Category Archives: Uncategorized

Obituary of The World’s Greatest Small Appliance

This morning I opened a brand new can of ground coffee I bought while storm shopping, and I slowly and deeply inhaled the scent of comfort with my eyes closed. There is nothing like it. The smell of coffee is erotic and promising, and warm. Brewing a full pot on a day off is like booking a vacation. It pleases me and it makes me feel good.

I filled the basket filter and turned on my 19-year-old coffee maker, pressing the power button that was once coated in clear supple plastic, now crispy and split and tinted yellow. I slid down my snow covered front porch steps taking the dogs out, tunneled a 100’ long path to bring warm water out to the hens, and came back inside frozen from sub-zero New England blizzard wind. I was expecting a hot pot of coffee.

Curiously, I didn’t smell the intoxicating aroma I expected. The light was on, but there was no coffee. The burner was not even a hint of warm. It was most certainly plugged in. The light was on, but there was no coffee. I thought I did something wrong. I checked the plug, emptied the water, refilled it, set the auto timer and waited. Nothing. I emptied it again then turned it on…nothing.

My heart literally broke, and I actually cried. Which, I rarely do. Very rarely.

I am shockingly sad. Not in a ‘record-breaking-New England-snowfall-and-no-coffee’ kind of way. After all, I can make tea, or use the Keurig to get my shoveling strength. I’m sad in a ‘been-with-me-forever-and-always-comforted-me-I’m-gonna-miss-the-hell-out-of-you-and-all-the-attached-memories’ kind of way.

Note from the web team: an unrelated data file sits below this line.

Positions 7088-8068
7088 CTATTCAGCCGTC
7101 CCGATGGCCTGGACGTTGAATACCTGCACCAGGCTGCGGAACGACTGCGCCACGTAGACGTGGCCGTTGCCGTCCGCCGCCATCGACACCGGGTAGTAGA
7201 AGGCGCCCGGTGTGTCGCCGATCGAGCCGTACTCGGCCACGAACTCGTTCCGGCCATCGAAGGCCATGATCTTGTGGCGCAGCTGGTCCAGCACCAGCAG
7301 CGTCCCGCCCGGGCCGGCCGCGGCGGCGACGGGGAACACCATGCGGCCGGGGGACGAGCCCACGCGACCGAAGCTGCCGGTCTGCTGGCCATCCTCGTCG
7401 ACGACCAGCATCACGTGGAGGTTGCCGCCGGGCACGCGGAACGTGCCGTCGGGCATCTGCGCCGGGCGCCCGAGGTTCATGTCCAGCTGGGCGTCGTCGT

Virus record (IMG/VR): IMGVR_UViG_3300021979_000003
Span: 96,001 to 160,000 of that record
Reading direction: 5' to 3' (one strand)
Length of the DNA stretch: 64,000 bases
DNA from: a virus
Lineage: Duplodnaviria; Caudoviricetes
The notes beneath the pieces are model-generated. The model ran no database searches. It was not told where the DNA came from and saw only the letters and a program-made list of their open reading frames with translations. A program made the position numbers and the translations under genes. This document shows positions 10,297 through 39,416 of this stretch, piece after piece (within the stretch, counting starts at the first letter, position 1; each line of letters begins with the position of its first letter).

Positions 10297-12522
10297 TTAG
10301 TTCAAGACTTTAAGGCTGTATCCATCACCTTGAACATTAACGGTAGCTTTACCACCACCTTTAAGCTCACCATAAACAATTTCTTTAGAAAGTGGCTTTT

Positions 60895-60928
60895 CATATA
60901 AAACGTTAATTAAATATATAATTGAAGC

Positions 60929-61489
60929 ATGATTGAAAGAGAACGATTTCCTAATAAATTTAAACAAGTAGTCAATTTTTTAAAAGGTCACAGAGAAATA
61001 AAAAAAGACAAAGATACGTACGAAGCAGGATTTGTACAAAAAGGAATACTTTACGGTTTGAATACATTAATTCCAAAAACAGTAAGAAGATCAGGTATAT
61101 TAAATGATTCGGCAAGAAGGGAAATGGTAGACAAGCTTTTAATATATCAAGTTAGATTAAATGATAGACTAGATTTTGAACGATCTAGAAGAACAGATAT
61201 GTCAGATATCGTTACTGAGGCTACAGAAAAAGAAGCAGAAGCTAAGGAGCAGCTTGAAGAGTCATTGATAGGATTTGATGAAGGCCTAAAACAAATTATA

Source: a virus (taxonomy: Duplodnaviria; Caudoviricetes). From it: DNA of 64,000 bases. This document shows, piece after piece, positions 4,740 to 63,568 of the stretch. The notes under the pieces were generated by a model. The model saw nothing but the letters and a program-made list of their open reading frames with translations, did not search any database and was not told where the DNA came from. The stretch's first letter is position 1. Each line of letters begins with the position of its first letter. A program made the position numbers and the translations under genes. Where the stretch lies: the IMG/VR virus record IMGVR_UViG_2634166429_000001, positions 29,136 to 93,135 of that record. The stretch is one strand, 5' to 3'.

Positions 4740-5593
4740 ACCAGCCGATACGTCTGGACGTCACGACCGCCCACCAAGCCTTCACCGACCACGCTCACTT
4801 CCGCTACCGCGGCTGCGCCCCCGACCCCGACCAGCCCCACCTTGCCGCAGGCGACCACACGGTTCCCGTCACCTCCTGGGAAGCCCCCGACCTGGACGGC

I actually cried over the loss of my white plastic programmable Betty Crocker 12-cup basket coffee maker. I’m a special kind of crazy.

This coffee maker is attached to so many memories and good feelings. I remember the day I got it. I remember the aisle I stood in. I remember rationalizing the then enormous purchase. Dunkin’ Donuts was too expensive for me, and I no longer lived near a Tedeschi’s, who sold coffee for $0.35 a cup. It was a short term splurge with longer-term pay-off. It was a grown up decision and a grown up purchase. I think it cost me a whopping $20.

That year, when I filed my taxes, my gross income was less than $10,000. I was so poor that I rarely ate more than what was left on the plate of my toddler when she was finished. Coffee though, warmed and filled my belly, and I felt good. I brewed before work coffee when I was 19, working full-time days at K-Mart. I brewed before bed coffee at 11 p.m. after working part-time nights at Marshall’s. I owned exactly two cobalt blue glass coffee mugs that warmed my freezing cold hands after walking home from work. I won’t even get into how unbelievably perfect coffee was with a cigarette on the porch.